Imagine having done your job a certain way for many years, and then all of a sudden a new way of doing things is introduced. There will certainly be those who embrace change, but there will also be those who fear it. Just look at the public outcry every time Facebook makes a little change to their UI. That isn’t just a technology world thing, that’s a life thing.
Having worked with Drupal development for many years, it would be easy for me to take for granted just how sophisticated a platform it is. With sophistication comes a level of complexity. Of course, once you learn it, everything is smooth sailing. The question is, how long should it take to learn, and can you afford that amount of time to learn it?
If the answer to that question is ASAP, then some work will need to be done. That is the beauty of Open Source - you can react quickly to requirements. This post talks about several ways that we set out to accomplish this during a recent project for Time Inc.
Time Inc is an American New York-based publishing company. It publishes over 90 magazines, most notably its namesake Time. Other magazines include Sports Illustrated, Travel + Leisure, Food & Wine, Fortune, People, InStyle, Entertainment Weekly, and many more. Many, if not all, of these Titles have web properties. Depending on the Title, their website may be built on a variety of technologies ranging from Wordpress, to Vignette, to Drupal and other legacy technologies in-between. The fact is, running all these different technologies means running specialized teams that are not particularly cross-functional. Editorial staff who know how to publish content on time.com for example, may not have a clue how to publish content on Sports Illustrated or People. This is just one of several catalysts for standardizing on a single technology platform.
Understanding existing systems. Likes and Dislikes
In the first week or so that I started learning about Time Inc.’s editorial workflows, I often found myself saying in my head “Drupal can do that better” or “That won’t be a problem with Drupal”. Things of that nature. I was so heavily biased towards Drupal that it didn’t occur to me right off the bat to consider the things that an editor actually likes about their existing workflow. There were many instances where the overall feeling that an editor had towards their platform was generally sour, except when we got to talking about the individual features within them. There were things that they just didn’t want to part with. For example, how they search for an image, what types of filters do they rely on, what is the search interface like? Learning all the things that editors liked was going to be absolutely crucial to the success of Drupal adoption. Without having learned about what an editor likes and dislikes about their workflow, there really isn’t a starting point for ‘change'. Having had such candid and in-depth sessions with editorial staff enabled me to become connected, zoned in, and to make professional decisions that found a balance between what I knew needed to change versus what I couldn’t change (without getting thrown out of the building).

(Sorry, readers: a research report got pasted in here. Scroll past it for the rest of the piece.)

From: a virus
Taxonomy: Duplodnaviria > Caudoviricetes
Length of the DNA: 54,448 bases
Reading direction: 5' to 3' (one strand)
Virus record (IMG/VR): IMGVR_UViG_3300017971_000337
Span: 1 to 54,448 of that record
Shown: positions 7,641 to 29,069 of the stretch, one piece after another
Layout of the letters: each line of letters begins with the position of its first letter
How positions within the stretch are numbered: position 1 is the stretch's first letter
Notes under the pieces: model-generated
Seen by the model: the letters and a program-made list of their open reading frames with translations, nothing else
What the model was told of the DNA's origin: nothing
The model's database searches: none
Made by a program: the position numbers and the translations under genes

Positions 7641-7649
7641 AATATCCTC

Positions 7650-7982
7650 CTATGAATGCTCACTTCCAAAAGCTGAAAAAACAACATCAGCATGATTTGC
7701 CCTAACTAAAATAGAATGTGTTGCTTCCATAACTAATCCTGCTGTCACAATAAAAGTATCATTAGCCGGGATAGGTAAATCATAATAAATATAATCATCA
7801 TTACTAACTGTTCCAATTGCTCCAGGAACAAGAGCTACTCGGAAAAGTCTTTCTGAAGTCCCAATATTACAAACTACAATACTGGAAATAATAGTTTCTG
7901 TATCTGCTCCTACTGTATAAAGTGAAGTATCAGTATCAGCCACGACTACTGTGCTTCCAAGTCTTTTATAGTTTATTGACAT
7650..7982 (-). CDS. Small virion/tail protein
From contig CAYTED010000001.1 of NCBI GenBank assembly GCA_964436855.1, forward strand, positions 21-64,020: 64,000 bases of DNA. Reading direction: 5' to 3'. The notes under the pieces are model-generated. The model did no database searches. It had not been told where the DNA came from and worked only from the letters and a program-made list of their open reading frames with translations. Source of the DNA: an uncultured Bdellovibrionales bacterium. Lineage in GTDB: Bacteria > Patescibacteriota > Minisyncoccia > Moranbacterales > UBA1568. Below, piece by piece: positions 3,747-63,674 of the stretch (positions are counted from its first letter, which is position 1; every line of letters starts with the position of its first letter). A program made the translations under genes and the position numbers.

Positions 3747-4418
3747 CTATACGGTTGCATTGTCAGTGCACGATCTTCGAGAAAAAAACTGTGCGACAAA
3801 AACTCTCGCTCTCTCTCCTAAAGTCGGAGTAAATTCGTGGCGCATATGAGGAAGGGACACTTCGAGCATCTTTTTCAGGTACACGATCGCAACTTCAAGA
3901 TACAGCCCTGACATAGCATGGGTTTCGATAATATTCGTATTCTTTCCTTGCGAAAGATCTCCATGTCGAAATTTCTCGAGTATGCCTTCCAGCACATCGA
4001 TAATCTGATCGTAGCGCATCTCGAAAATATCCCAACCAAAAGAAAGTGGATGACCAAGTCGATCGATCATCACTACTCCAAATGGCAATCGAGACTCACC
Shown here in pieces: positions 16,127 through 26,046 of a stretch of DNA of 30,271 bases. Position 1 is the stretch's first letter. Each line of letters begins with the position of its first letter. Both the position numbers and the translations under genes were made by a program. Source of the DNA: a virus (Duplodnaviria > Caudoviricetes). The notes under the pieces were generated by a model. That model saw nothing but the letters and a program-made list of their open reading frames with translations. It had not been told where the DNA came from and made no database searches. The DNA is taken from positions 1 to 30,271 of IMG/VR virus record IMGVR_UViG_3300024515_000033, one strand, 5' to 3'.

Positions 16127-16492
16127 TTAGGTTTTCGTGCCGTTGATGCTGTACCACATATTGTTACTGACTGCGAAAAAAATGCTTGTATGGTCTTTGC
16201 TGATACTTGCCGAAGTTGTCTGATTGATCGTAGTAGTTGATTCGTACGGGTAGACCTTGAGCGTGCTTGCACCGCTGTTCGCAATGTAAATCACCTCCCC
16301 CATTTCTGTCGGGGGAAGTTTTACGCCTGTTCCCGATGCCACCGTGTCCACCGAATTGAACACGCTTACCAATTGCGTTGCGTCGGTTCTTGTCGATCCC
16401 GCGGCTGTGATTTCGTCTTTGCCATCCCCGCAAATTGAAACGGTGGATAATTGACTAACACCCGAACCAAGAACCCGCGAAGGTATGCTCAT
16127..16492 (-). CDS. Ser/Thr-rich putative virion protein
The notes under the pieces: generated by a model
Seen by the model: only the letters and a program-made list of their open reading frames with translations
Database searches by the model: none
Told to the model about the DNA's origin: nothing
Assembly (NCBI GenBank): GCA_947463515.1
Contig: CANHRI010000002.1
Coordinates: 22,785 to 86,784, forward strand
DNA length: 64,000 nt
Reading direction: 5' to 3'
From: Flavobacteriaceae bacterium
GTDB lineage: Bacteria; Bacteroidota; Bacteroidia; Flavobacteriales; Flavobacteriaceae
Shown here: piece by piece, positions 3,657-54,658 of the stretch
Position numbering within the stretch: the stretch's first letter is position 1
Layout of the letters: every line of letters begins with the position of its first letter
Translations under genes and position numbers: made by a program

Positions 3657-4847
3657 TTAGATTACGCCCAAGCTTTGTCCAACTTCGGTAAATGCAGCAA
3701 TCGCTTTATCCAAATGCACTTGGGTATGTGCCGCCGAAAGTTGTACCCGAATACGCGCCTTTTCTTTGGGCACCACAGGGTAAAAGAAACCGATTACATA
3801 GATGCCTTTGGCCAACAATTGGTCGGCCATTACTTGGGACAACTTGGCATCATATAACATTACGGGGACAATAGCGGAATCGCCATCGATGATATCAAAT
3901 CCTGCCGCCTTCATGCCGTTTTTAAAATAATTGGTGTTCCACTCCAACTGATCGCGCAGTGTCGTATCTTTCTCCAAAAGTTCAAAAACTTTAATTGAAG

Holding workshops and capturing requirements and future state needs
This is where the real fun began. With the convenience of having my target audience actually present in the building, getting them involved in the process was easy (thanks to the project managers). However, if all editorial staff are sitting in a room with me for a few hours, that breaking celebrity gossip is going to have to wait. Obviously that was not acceptable, so we had to break the workshops up in to three groups which, at the time, was the way that Titles were structured anyways. The sessions would need to be efficient, effective, and as thorough as possible in the limited amount of time I could spend with each group.
Prior to the first workshop, I had developed a conceptual wireframe document that showed what their new workflow ‘might’ look like. The wireframes mirrored the forms in a default Drupal installation, except I made some changes based on what I knew from my one-on-one meetings with editorial staff. We created print outs of these wireframes and placed each document at a boardroom seat, just like a place-mat at a fancy restaurant, for when our guests arrived. We also set writing utensils, sticky notes and markers so that the Editors knew we wanted them to collaborate. I walked through the wireframes on the screen and had them write their feedback directly on their wireframe documents for me to collect later. There was good dialogue throughout these sessions. Lots of questions, lots of ideas, lots of feedback. Repeating the same workshop with 3 separate groups of Editors allowed us to see what was common and absolutely critical to Editors across all the different titles. We found common pain points and common future-state needs. All I had to do was address them in the next iteration.
Refine and repeat. We held workshops just like that for several iterations until we were confident that we had an up to date wireframe document that laid all the groundwork necessary to extract requirements and user stories ripe for prioritization and development. Concurrently, I also had enough information to start thinking about the actual design.
This is part 1 of a 2 part blog series.
- Demo’s & training forums
- General usability and user-centric approach.
- Maintaining authoring context.
- Getting stakeholder buy in for the editorial user interface